Remarks by Ambassador Samantha Power, U.S. Permanent Representative to the United Nations, At the Security Council Debate on UNMIK

Samantha Power
U.S. Permanent Representative to the United Nations 
U.S. Mission to the United Nations 
New York, NY
August 29, 2013


Thank you, Madame President and thank you, Special Representative Zarif, for your briefing.  Let me also take a moment to welcome the new Chinese Permanent Representative, Ambassador Liu. Welcome. And we also welcome, of course, Foreign Minister Hoxhaj and Foreign Minister Mrkic back to the Council, and thank you both very much for your briefings. I commend both governments, and in particular Prime Minister Thaci and Prime Minister Dacic, for their leadership, which has led to agreement on principles for normalizing relations and which advanced their countries' respective paths toward European integration. Today, I'd like to make three points regarding the opportunities presented by the EU-facilitated Dialogue process, upcoming elections, and progress on issues important to advancing normalization and understanding.

First, the United States congratulates Serbia and Kosovo on the important steps taken toward implementation of the April 19 agreement to normalize relations. Our EU partners recognized the significant steps by both governments, and we welcome the EU Council decisions on June 28 to open accession negotiations with Serbia and open negotiations with Kosovo on a Stabilization and Association Agreement. The dialogue has created opportunities to enhance stability in the region, both for the security and economic prosperity of the people of Kosovo and Serbia. The Prime Ministers and EU High Representative Ashton deserve our strong praise and continued support for their efforts. We commend the Government of Serbia's work toward integration of police into a unitary framework and chain of command by closing parallel stations in northern Kosovo. Equally important, Kosovo has taken steps to amend its laws so implementation can move forward. That both governments have posted iaison officers in each other's capitals will also help improve relations and further dialogue. We also thank EULEX and NATO for their continuing support for implementing the dialogue agreements. As both Foreign Ministers have acknowledged, much remains to be done to fulfill the commitments they have made. We hope to see soon the finalization of agreements on energy and telecom, progress in the working groups in Brussels to consolidate legitimate and effective judicial and police structures in the north, and full implementation of all previous Dialogue agreements, including customs and integrated border management.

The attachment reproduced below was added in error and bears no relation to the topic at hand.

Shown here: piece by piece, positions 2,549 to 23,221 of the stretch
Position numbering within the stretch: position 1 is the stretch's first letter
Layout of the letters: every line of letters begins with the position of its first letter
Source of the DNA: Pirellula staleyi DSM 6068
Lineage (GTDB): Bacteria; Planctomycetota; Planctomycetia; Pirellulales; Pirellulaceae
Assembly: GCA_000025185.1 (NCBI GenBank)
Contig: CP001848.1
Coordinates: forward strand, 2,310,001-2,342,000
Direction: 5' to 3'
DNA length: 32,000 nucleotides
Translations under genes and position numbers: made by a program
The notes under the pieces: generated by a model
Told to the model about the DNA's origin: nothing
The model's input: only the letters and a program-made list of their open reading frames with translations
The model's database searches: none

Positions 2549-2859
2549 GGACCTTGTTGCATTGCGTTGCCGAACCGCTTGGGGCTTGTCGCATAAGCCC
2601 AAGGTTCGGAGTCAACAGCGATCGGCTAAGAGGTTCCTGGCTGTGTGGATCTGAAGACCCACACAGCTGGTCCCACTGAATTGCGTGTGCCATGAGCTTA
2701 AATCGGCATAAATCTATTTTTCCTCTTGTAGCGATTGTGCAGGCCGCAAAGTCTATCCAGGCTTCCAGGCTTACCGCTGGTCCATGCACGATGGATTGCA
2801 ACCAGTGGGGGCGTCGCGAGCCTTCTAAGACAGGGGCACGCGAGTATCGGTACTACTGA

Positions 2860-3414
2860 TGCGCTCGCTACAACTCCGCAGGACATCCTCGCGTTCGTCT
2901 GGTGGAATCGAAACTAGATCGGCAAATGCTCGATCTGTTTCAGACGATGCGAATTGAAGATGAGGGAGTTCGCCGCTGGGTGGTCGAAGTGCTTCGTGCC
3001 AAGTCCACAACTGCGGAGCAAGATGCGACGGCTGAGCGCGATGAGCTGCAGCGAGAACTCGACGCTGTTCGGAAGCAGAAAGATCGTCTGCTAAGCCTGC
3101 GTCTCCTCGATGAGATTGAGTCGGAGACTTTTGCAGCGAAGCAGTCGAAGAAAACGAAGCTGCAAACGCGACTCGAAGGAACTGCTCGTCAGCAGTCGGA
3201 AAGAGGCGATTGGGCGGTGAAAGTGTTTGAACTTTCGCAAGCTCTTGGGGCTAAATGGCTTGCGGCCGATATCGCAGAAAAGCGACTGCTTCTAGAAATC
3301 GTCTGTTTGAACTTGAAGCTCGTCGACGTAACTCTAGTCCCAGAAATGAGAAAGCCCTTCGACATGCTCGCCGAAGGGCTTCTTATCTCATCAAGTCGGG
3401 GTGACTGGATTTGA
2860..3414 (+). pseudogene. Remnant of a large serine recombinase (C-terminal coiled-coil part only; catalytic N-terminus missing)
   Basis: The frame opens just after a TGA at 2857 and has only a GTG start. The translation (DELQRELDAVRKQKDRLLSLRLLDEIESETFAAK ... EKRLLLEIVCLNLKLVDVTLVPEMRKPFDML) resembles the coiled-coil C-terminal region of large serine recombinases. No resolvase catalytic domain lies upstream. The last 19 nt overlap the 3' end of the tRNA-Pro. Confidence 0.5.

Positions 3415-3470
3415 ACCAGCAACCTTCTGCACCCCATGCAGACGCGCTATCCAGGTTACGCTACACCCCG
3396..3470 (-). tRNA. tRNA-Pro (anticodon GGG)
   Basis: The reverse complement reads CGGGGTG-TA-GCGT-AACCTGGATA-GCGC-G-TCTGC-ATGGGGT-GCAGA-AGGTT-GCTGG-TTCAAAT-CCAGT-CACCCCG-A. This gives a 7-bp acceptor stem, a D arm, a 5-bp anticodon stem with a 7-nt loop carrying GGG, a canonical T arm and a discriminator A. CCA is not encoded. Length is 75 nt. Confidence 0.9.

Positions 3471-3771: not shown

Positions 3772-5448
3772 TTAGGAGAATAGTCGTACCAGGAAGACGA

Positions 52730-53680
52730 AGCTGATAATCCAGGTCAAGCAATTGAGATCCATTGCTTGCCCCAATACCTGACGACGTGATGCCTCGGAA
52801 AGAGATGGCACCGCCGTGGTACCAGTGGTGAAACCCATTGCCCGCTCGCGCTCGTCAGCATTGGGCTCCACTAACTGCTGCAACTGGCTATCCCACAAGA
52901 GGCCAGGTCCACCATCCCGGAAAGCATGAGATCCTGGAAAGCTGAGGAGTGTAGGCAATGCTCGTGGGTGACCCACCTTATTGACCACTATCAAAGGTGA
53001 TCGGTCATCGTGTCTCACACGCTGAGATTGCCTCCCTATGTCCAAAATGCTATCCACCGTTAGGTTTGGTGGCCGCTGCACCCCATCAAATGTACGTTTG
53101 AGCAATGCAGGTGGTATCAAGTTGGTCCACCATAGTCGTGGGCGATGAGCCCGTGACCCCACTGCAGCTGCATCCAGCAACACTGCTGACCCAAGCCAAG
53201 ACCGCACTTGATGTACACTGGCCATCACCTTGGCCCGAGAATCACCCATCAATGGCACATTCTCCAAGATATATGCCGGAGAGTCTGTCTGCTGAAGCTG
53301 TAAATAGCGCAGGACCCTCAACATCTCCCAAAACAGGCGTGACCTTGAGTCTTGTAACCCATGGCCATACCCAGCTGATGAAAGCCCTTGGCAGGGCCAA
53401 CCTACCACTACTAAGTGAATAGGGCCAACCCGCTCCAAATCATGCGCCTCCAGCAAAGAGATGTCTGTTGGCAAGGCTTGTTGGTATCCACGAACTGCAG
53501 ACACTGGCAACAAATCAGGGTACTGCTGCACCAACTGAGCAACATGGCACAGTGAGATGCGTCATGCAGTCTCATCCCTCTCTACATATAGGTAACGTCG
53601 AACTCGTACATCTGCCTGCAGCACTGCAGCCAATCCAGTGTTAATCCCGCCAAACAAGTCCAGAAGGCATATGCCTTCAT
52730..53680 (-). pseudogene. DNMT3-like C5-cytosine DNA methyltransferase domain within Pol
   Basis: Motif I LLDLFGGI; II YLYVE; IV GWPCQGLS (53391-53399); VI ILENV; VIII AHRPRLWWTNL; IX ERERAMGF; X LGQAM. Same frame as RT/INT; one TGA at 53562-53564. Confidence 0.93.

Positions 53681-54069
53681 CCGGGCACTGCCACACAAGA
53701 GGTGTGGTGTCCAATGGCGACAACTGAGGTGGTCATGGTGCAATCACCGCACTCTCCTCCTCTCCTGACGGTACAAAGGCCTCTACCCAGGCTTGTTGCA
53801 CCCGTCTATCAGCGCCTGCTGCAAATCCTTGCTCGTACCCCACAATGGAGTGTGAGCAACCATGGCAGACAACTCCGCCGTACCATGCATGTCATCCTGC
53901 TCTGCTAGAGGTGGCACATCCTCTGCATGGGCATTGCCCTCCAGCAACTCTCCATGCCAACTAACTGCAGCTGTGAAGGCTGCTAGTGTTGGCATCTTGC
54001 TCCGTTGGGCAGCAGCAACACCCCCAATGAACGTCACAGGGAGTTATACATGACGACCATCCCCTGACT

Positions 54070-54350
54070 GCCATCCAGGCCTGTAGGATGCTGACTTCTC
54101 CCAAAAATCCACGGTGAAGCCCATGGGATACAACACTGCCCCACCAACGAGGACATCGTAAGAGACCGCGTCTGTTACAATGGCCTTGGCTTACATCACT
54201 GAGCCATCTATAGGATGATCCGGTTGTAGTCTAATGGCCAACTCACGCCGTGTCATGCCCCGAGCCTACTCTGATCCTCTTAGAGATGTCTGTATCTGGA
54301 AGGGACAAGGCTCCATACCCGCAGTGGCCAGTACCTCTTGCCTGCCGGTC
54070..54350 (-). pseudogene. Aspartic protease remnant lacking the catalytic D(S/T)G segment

Second, we look forward to the November 3 municipal elections in Kosovo and appreciate the integral role the OSCE is playing to help to facilitate what should be free, fair, and transparent elections. The United States urges eligible voters throughout Kosovo to exercise their right to participate in the democratic process. We especially urge minority communities, including Kosovo Serbs, to participate and to make their voices heard. By voting, they have the opportunity to not only choose their leaders, but also to hold them accountable and ensure effective and responsive local governance.

Third, I want to highlight opportunities to overcome the violence of the past and promote reconciliation between communities in Kosovo. The United States welcomes Kosovo's efforts on protection of religious and cultural heritage, including the establishment of a new multi-ethnic unit within the Kosovo Police to protect sites throughout the country, as agreed in the Dialogue.  The unit is in the process now of working with KFOR to assume primary responsibility for protection of the Pec Patriarchate. The United States encourages the Government of Kosovo to continue to work with its international partners, including NATO, OSCE, the EU and UNESCO, to ensure that holy sites of all religions are restored and protected. As noted again in the Secretary General's report, missing persons are an important and unresolved issue that demands critical attention from all parties. We reiterate the call on all concerned, particularly the Governments of Kosovo and Serbia, to intensify collaborative efforts to locate missing persons so families can finally obtain answers and, hopefully, some personal resolution. Ensuring safe, stable and sustainable conditions for returnees is another critical aspect to moving forward that requires further attention and much work.

Let me conclude by encouraging the governments to maintain the momentum of the past few months. We want Kosovo and Serbia to succeed and to thrive, so it is up to you, and the people in Kosovo and Serbia, to seize the opportunities created by the dialogue and your European Union
negotiations to build the foundations for a secure and prosperous future. We stand ready to assist in any way.

Thank you.


PRN: 2013/147